Over the last several weeks I’ve been discussing God’s providence with several members at Oak Park, as well as reflecting on this truth in my own life. One tool that God has used to open my eyes is question 27 of the Heidelberg Catechism, which asks, “What do you understand by the providence of God?” The answer is most profound and quite challenging – “Providence is the almighty hand and ever-present power of God by which He upholds, as with His hand, heaven and earth and all creatures, and so rules them that leaf and blade, rain and drought, fruitful and lean years, food and drink, health and sickness, prosperity and poverty – all things, in fact, come to us not by chance but from His fatherly hand.” DeYoung’s exposition of this question is extremely helpful and again, challenging. He says,
God’s provident is not an excuse to act foolishly or sinfully. Herod and Pontius Pilate, though they did what God had planned beforehand, were still wicked conspirators (Acts 4:25-28). The Bible affirms human responsibility. But the Bible also affirms, much more massively and frequently than some imagine, God’s power and authority over all things. The nations are under God’s control (Pss. 2:1-4; 33:10), as is nature (Mark 4:41; Pss. 135:7; 147:18; 148:8), and animals (2 Kings 17:25; Dan. 6:22; Matt. 10:29). God is sovereign over Satan and evil spirit (Matt. 4:10; 2 Cor. 12:7-8; Mark 1:27). God uses wicked people for His plans – not just in a “bringing good out of evil” sort of way but in an active, intentional, “this was God’s plan from the get-go” sort of way (Job 12:16; John 19:11; Gen. 45:8; Luke 22:22; Acts 4:27-28). God hardens hearts (Ex. 14:17; Josh. 11:20; Rom. 9:18). God sends trouble and calamity (Judg. 9:23; 1 Sam. 1:5; 16:14; 2 Sam. 24:1; 1 Kings 22:20-23; Isa. 45:6-7; 53:10; Amos 3:6; Ruth 1:20; Eccl. 7:14). God even puts to death (1 Sam. 2:6, 25; 2 Sam. 12:15; 2 Chron. 10:4, 14; Deut. 32:39). God does what He pleases and His purposes cannot be thwarted (Isa. 46:9-10; Dan. 4:34-35). In short, God guides all our steps and works all things after the counsel of His will (Prov. 16:33; 20:24; 21:2; Jer. 10:23; Pss. 139:16; Rom. 8:28; Eph. 1:11) (DeYoung, pp. 60).
Why does he go through the trouble to cite the litany of verses you just previously read? For one, his intention is to convey that the scope of the Bible teaches that God is unmistakably involved in all things; he’s not giving a “piece-meal” presentation of God’s providence. Secondly, he does so, so that you and I would not merely tolerate God’s sovereignty but joyously embrace it (DeYoung, pp. 60). This for me is the hard part. I agree “intellectually” with everything DeYoung writes in his book, but transferring a mental assent of God’s providence to my heart whereby I receive whatever comes into my mind with joy is something all-together difficult and seemingly impossible at times. And it is, I believe, only by God’s enabling grace in our minds and hearts that we can look at past experiences, as well as current ones with an attitude that says, “God this is your plan and despite the deception of my heart that wants to rail against you, your plan and my past or present circumstances, I know you’re good and utterly sovereign over every facet and detail of my life and I will trust you and your revealed plan.”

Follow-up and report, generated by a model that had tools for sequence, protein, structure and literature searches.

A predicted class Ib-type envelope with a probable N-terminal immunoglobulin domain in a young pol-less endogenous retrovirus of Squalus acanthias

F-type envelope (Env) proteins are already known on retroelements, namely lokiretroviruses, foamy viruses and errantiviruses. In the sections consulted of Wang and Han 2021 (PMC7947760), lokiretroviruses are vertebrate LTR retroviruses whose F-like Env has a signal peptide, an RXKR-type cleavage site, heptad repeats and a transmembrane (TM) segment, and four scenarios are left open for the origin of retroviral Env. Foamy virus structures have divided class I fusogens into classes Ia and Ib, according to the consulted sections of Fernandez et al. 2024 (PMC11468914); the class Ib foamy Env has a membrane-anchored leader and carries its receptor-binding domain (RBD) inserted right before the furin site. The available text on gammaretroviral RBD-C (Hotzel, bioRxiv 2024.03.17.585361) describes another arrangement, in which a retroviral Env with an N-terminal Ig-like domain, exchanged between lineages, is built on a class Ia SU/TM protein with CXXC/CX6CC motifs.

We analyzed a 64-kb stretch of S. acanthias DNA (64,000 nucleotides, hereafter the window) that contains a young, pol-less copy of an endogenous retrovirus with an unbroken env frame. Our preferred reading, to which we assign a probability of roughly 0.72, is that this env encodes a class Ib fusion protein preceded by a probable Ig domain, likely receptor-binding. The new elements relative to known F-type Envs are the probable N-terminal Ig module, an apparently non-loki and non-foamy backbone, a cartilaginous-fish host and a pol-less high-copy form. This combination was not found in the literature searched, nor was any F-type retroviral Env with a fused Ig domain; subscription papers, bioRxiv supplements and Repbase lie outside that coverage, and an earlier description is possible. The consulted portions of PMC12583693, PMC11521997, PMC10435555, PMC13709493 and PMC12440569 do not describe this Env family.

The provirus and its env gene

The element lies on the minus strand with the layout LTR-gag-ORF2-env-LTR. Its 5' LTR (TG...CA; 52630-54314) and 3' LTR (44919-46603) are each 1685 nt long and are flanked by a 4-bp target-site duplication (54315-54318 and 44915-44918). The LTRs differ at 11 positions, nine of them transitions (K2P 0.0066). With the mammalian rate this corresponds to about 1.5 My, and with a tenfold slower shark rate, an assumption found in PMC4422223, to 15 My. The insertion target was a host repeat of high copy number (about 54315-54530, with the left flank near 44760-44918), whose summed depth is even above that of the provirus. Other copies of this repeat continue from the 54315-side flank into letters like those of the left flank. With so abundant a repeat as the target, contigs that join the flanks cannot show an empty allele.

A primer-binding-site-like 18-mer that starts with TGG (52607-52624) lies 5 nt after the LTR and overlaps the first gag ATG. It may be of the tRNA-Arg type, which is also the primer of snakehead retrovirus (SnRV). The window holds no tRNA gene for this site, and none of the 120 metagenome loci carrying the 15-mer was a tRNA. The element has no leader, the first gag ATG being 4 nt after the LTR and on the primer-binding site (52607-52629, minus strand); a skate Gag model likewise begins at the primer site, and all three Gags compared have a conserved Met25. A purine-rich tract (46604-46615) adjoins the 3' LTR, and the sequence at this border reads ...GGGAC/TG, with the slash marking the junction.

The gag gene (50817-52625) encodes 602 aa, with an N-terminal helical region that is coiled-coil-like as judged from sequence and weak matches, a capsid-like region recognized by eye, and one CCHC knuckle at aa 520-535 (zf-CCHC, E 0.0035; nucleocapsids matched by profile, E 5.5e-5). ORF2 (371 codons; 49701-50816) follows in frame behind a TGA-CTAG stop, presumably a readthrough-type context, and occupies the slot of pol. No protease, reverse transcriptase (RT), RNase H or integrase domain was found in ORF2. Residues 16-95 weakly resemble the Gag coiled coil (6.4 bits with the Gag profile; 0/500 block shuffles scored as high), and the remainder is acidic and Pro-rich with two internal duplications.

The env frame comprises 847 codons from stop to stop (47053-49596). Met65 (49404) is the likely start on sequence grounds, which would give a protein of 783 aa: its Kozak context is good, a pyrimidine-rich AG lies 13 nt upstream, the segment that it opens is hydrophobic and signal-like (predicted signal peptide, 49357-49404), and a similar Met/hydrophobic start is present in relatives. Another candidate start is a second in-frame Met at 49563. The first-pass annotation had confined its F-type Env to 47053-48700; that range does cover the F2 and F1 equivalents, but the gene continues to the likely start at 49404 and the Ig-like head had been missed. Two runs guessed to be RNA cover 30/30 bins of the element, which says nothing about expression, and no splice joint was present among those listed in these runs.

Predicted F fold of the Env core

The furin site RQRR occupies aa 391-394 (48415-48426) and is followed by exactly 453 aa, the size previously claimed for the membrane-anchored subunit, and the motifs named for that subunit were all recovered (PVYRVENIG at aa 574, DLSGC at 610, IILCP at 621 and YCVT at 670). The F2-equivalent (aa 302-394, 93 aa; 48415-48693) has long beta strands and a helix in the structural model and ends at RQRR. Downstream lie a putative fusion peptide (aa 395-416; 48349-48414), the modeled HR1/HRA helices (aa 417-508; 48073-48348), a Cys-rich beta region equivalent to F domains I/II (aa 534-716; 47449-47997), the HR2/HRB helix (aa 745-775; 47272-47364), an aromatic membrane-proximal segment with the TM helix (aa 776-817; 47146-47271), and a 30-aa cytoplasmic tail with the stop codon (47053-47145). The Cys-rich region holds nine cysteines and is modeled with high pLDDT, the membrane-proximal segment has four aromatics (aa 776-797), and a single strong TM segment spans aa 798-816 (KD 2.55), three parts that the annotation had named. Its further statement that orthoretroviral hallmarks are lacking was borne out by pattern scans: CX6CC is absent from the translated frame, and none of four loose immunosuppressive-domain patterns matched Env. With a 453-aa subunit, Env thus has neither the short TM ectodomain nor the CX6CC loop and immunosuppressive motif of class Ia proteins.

DeYoung ends with three truths that help us to see that providence is a reality that should bring us comfort. They are…
- We can be patient when things go against us. God knows what He’s doing (DeYoung, pp. 61)
- We can be thankful when things go well. “If we truly believe in providence, we will view success and prosperity not as products of good upbringing, good looks, or good intelligence but ultimately as the unmerited favor of a good God” (DeYoung, pp. 61).
- We can have confidence for the future. “The fact is all your worries may come true, by God will never be untrue to you. He will always lead you and listen to you. God moves in mysterious ways, so we may not always understand why life is what it is. But it helps us face the future unafraid to know that nothing moves, however mysterious, except by the hand of that great Unmoved Mover who is our Father in heaven” (DeYoung, pp. 61).
So, receive God’s providence with joy and be encouraged by His providential orchestration of your life; for He is good and His plan is best.